In SaPa near the border with China, my Hmong hill tribe guide happily showed our mixed tourist group (Canadians, Australians, Europeans and a few Americans) her hillside village, their special rice wine, even how to blow a leaf whistle to “attract” a beautiful local girl as a “wife” at their “wife market” in town. On a more serious note she spoke of her peoples’ need for more education, the lucky ones finishing their local schools at fifteen before marrying and raising children. While free secondary and even advanced education were available in the larger cities, there were no funds for supporting her or her growing, young family if she attended classes elsewhere. Nonetheless she was optimistic, looking forward and past the obvious hardships she faced in this remote part of Vietnam.
My guide in Halong Bay to the east also spoke of his country’s future as we headed to one of the more mystical and magical parts of Vietnam. He volunteered that his father had served with the Viet Cong during the war, but that was in the past and now everyone was looking at a new world and new opportunities. They now faced the challenges to create a more democratic government and further open the country to investments from abroad. Their focus had to be on growing their economy while protecting such world heritage water ways as their Halong Bay.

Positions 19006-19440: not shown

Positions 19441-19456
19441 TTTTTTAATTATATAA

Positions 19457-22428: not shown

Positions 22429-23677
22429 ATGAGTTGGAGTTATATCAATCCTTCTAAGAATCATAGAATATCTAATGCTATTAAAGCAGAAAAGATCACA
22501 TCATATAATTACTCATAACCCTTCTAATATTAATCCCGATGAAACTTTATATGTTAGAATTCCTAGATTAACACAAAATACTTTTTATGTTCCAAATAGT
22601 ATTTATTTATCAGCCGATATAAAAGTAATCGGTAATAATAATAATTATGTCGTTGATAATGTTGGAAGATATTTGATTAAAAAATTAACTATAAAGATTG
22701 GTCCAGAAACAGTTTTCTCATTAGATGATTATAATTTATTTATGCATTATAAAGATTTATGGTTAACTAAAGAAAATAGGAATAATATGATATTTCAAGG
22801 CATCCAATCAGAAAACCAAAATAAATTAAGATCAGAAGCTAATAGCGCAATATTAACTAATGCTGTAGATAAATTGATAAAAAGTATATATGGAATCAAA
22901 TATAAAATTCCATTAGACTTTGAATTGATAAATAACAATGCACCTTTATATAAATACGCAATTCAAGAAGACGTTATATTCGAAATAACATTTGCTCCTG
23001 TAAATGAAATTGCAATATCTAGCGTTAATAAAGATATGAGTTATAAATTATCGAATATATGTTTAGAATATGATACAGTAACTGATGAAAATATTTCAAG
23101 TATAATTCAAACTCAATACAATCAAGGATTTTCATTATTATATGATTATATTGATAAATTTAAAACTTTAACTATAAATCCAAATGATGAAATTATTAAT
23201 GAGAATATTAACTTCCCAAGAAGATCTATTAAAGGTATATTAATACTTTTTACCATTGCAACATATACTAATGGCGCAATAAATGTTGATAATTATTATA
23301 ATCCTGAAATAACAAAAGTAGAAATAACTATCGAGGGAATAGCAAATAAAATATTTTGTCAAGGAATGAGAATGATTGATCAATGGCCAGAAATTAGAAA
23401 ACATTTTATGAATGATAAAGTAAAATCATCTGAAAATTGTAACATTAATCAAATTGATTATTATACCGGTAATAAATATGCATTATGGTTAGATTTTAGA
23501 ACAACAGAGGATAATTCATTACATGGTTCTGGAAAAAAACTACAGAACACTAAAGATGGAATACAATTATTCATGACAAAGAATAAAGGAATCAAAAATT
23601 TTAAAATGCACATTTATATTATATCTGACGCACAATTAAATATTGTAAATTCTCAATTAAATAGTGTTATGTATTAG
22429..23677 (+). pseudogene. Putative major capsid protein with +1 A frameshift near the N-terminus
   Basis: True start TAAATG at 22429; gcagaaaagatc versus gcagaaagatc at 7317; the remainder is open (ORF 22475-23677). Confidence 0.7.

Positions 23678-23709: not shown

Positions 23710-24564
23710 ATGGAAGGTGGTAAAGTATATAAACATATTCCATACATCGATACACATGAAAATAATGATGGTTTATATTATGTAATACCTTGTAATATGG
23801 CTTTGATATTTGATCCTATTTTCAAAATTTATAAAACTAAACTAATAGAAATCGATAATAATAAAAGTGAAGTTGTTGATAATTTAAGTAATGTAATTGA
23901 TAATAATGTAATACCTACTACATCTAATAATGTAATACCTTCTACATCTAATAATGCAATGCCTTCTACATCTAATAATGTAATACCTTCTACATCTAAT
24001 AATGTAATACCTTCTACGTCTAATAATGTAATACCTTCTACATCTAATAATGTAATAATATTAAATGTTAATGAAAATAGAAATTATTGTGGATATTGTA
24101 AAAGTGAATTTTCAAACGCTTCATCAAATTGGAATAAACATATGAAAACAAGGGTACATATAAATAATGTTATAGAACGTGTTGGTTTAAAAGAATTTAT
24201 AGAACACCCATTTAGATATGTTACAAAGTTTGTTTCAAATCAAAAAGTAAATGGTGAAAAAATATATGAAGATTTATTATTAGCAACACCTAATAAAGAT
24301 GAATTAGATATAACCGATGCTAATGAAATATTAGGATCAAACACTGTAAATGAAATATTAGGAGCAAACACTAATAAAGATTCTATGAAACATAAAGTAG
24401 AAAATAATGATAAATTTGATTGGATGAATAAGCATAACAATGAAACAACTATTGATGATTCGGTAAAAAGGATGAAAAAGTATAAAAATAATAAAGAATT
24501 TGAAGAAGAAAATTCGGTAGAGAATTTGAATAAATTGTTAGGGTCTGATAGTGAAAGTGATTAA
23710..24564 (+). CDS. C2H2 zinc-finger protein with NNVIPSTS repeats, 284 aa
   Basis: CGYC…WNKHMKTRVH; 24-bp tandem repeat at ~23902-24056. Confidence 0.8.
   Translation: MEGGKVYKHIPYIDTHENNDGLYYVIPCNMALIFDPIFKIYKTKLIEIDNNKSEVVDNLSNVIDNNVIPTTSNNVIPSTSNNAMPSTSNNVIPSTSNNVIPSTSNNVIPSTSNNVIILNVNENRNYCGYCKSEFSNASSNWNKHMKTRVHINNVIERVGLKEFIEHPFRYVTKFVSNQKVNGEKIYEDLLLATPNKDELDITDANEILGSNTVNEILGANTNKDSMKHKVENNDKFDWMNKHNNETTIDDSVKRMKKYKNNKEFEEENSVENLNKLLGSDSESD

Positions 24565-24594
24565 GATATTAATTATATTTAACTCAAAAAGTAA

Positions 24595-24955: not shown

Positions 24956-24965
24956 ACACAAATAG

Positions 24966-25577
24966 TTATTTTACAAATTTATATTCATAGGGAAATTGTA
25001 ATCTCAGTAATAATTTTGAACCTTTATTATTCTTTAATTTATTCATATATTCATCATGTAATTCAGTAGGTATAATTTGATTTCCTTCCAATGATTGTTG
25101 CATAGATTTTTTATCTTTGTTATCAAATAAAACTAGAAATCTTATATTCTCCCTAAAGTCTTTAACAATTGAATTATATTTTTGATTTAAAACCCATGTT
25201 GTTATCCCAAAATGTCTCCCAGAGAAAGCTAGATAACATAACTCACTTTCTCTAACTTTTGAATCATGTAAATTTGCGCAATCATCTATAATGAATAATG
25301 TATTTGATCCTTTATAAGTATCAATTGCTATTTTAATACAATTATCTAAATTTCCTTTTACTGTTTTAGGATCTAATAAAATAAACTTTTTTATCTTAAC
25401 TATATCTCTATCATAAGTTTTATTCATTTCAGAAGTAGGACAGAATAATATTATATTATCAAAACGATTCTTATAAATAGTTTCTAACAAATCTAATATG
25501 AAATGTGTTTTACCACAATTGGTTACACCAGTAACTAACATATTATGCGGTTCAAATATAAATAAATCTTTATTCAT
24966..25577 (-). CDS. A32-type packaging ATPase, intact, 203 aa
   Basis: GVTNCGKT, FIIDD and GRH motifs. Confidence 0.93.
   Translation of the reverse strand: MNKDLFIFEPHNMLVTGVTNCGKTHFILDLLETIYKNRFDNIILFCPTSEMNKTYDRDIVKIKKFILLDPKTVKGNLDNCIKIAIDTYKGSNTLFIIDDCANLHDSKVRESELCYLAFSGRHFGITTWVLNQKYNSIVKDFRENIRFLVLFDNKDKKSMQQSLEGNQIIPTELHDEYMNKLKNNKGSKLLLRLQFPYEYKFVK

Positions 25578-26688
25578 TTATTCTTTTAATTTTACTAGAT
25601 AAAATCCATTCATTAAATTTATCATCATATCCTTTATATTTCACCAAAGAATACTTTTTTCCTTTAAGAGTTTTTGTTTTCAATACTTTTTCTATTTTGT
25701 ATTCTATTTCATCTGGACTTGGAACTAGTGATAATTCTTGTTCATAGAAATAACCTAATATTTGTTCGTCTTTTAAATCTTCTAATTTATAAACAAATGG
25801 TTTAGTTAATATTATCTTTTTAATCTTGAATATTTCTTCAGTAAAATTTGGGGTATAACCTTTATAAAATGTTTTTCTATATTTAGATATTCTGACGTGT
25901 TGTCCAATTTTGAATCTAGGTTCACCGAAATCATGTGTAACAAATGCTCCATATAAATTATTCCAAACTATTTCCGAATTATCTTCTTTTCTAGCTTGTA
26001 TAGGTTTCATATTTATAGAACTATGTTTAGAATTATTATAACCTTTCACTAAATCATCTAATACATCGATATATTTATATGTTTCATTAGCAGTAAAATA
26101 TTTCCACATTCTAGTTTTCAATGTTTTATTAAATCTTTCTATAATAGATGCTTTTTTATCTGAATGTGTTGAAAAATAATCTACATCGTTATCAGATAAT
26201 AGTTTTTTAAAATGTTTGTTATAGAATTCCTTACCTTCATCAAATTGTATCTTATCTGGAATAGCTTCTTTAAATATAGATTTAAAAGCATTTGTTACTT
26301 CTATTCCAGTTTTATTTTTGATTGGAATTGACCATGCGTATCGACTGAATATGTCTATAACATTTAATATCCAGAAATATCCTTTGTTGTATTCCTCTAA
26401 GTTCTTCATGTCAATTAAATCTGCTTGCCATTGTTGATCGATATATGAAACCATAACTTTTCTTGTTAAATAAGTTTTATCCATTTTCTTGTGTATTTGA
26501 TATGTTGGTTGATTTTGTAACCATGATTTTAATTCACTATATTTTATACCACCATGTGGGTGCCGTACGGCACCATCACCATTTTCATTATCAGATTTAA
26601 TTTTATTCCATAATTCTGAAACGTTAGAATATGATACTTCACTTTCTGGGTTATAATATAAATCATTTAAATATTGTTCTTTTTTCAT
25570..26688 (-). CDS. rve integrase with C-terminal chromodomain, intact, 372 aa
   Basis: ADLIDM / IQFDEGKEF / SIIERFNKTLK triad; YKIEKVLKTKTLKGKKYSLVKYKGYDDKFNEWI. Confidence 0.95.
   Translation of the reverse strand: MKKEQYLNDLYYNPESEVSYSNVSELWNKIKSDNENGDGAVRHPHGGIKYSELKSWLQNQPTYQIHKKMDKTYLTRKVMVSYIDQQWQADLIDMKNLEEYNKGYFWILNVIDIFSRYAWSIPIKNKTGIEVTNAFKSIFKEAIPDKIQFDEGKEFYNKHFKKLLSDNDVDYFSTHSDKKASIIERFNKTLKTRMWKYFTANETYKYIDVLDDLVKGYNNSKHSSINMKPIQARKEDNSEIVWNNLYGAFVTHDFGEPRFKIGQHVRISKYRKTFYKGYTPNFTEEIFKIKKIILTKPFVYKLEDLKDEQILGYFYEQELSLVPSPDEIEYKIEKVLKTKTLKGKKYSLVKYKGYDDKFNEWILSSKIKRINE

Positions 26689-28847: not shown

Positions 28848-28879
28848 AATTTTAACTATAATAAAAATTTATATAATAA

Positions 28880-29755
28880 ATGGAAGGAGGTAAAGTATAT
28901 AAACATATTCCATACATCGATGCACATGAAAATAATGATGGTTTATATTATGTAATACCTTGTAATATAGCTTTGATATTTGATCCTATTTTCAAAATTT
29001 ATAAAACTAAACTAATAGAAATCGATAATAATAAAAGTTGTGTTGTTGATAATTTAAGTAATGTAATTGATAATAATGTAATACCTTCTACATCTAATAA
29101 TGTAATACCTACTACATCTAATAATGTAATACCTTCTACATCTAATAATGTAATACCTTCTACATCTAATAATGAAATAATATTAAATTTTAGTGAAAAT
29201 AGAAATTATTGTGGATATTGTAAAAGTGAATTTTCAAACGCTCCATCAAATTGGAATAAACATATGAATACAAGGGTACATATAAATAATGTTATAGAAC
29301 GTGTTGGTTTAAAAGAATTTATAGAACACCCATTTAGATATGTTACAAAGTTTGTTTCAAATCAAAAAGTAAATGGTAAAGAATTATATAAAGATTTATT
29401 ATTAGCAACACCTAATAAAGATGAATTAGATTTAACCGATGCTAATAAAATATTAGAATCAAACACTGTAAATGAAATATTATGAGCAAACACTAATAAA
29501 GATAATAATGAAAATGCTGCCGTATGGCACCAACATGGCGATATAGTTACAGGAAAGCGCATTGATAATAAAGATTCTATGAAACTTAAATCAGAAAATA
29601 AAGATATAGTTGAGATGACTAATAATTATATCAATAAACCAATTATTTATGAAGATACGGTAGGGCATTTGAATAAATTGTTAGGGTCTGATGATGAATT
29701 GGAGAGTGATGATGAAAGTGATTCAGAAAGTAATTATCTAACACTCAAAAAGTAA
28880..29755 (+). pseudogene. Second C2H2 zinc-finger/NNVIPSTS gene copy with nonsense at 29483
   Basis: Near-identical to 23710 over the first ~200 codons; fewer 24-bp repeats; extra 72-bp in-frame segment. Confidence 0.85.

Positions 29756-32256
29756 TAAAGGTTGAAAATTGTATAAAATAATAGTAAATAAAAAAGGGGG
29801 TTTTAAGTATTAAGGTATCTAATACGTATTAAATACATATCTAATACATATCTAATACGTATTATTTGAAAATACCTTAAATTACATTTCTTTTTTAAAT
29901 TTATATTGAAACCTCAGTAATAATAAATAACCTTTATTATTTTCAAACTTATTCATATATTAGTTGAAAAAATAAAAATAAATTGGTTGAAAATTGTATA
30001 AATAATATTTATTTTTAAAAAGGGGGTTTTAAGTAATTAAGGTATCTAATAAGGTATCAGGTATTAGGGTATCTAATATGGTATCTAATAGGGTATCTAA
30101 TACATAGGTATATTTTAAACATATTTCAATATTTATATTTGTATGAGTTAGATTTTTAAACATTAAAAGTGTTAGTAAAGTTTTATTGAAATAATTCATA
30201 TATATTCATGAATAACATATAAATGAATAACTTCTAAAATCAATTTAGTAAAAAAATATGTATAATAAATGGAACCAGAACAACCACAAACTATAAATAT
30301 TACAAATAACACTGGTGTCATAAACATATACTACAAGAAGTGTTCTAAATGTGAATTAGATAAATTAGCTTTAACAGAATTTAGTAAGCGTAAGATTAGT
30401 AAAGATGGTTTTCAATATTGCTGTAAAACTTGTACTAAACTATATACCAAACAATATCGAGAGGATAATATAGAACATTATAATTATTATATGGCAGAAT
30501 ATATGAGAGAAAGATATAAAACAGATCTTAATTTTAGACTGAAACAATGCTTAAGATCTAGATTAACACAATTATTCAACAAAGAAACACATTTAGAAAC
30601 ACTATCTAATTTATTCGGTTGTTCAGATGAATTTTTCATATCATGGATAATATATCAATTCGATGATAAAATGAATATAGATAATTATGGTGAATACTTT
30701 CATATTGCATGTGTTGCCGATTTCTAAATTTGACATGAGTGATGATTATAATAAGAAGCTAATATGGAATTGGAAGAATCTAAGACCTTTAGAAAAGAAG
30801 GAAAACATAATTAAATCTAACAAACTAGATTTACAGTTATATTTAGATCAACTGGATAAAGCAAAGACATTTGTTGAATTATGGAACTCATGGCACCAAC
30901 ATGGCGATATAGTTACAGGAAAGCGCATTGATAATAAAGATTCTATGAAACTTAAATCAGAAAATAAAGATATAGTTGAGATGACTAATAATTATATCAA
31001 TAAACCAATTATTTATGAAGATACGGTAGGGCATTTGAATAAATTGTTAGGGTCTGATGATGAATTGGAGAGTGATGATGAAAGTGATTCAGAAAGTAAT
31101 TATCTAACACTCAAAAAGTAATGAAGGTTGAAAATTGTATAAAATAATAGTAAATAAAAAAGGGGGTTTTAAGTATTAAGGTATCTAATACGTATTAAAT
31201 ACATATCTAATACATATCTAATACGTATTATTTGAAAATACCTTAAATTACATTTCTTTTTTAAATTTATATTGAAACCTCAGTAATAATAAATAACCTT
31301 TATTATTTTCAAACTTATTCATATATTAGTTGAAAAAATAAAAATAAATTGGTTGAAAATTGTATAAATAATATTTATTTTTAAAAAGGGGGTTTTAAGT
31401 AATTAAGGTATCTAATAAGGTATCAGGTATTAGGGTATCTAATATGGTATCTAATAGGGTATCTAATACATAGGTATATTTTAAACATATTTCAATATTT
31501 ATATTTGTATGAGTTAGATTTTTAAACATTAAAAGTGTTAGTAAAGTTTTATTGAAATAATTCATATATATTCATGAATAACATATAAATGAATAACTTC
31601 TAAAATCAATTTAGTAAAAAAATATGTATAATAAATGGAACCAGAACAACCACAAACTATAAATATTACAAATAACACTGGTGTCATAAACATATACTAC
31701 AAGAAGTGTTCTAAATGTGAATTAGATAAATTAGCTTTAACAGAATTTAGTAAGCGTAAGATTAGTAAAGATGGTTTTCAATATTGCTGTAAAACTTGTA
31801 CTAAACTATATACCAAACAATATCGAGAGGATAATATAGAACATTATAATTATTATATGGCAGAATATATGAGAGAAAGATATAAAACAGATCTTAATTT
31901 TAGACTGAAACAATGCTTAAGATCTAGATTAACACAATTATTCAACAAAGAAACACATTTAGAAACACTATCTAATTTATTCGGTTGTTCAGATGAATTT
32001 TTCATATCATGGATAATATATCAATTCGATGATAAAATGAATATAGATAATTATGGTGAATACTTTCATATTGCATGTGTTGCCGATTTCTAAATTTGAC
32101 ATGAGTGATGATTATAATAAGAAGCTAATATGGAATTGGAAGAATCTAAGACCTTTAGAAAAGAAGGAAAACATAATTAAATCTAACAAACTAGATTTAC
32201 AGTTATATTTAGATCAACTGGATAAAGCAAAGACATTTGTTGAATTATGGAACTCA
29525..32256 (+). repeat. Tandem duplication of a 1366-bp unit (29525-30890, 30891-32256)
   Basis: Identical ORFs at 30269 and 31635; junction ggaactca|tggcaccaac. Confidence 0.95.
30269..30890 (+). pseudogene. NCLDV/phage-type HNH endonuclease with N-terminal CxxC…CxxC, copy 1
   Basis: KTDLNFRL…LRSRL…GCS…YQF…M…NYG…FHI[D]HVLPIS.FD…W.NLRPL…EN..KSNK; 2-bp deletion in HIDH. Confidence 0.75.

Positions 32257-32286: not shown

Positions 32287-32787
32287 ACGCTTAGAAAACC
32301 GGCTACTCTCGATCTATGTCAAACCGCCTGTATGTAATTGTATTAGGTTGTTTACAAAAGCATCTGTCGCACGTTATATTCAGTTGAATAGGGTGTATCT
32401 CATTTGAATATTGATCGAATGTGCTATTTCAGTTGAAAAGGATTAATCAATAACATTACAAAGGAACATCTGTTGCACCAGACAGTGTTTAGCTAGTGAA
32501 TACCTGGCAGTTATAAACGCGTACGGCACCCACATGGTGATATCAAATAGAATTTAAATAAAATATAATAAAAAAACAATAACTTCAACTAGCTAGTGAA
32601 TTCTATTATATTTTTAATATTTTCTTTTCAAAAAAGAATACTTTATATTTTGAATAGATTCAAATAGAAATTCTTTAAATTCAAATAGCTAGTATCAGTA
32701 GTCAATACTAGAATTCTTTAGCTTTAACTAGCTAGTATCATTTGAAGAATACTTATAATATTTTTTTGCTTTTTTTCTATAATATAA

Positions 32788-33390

When I arrived in Da Nang my “Easy Rider” guide (his company so named by the Peter Fonda 60s movie complete with motorcycle) asked me if I was a veteran (no). He had served in the South Vietnam army, fighting alongside our U.S. forces in the 60s. He spoke of veterans who were now returning, often showing great emotion as they toured this city and remembered the images of one of the largest military bases in Asia at the time. Today there are only small vestiges of that military presence: a few Quonset huts set beside new hotels and resorts; the old hospital, recently renovated and expanded. He too spoke of the future and the need to bring more tourism and commerce to this region. He hoped that the U.S. would recognize the opportunities and more Americans would come and invest in Vietnam. Already Germans and Australians were joining Japan, Korea and other Asian countries in building hotels, golf resorts and other businesses in the South.